That’s the second thing: What if being a fan means being invested in just this way? Feeling such a sense of betrayal that you actually expend the mental energy to wish someone misfortune? I mean, look at this shit. Someone says, “its not like she has a Valid health reason like she is injured that she cannot appear, but its because of her solo work.. if she has solo work, then she should either not take part in the comeback at all or cancel her solo work.” Hello? Jessica?? Or was I under the misapprehension that Jessica’s ouster from Girls’ Generation over scheduling was, like, one of the worst, most impactful and avoidable scandals in K-pop? I saw comments criticizing Naeun’s acting, her perceived attitude, even her cosmetic surgery. That’s the ultimate irony, isn’t it? Who goes under the knife unless there’s some collective beauty ideal determined by a boardroom and affirmed by the masses (myself included)?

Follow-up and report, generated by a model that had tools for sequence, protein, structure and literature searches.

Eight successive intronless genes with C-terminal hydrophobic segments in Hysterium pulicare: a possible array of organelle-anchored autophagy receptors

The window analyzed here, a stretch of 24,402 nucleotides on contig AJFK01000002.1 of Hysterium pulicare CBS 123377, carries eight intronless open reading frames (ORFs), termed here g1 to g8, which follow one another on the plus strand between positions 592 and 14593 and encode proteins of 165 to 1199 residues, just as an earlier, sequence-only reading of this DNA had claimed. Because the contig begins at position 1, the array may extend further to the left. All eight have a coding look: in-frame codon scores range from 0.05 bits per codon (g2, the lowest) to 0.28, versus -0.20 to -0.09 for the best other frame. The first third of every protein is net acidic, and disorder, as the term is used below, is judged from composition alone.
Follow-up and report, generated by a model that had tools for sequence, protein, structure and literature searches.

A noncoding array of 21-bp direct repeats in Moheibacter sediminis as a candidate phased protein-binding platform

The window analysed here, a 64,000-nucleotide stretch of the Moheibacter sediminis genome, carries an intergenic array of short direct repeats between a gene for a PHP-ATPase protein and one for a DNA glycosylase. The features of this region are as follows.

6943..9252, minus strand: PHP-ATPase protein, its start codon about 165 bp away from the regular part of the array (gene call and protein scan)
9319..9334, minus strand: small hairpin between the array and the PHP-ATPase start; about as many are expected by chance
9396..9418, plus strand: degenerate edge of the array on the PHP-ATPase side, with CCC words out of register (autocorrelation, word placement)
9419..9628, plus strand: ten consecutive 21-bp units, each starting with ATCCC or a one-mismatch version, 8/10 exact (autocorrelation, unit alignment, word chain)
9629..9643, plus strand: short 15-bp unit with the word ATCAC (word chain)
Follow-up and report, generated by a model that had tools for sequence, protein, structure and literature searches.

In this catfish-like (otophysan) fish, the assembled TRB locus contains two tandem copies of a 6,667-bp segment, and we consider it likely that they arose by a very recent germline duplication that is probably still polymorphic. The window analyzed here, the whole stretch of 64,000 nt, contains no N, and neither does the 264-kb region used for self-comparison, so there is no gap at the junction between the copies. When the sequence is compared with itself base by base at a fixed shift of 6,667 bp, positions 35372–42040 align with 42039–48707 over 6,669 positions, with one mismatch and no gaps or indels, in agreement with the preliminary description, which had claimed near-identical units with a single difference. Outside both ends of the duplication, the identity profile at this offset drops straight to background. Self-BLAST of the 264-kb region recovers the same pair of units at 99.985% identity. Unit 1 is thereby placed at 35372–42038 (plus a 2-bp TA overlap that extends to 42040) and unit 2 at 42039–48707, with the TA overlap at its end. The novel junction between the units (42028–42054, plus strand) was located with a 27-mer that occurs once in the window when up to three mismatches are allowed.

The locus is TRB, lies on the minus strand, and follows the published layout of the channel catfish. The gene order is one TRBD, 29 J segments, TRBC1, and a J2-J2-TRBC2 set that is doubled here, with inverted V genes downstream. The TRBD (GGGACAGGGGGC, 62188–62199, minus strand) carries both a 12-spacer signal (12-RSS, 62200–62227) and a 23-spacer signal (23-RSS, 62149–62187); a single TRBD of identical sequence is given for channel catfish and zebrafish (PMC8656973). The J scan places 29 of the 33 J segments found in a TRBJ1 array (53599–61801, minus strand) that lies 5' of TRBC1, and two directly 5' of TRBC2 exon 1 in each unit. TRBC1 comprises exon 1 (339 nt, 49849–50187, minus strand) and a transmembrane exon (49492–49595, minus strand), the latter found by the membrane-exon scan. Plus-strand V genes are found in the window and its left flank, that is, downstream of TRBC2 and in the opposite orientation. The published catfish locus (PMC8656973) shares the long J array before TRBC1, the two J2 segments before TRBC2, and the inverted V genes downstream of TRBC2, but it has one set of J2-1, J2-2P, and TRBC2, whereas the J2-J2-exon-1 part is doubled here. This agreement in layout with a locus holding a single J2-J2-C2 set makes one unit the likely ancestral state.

And believe me, I know. These are just kids, and this is what kids do. This time I’m sharing a fandom made up primarily of teenagers, and I’m conscious of that every time I post a comment of my own on Instagram or YouTube for the sake of algorithmic engagement (these comments are of little substance). What really gets me here is the entitlement with a phrase like “We have shielded Na-Eun until now.” No. You have, in fact, done nothing and she owes you nothing. When Naeun didn’t sign last year, we had had our little cry and wished her well. We knew this was gonna happen, and frankly, I’m surprised she’s even doing anything with Apink. She gave ten years of her professional life to it, which is more than anyone except the other members of Apink.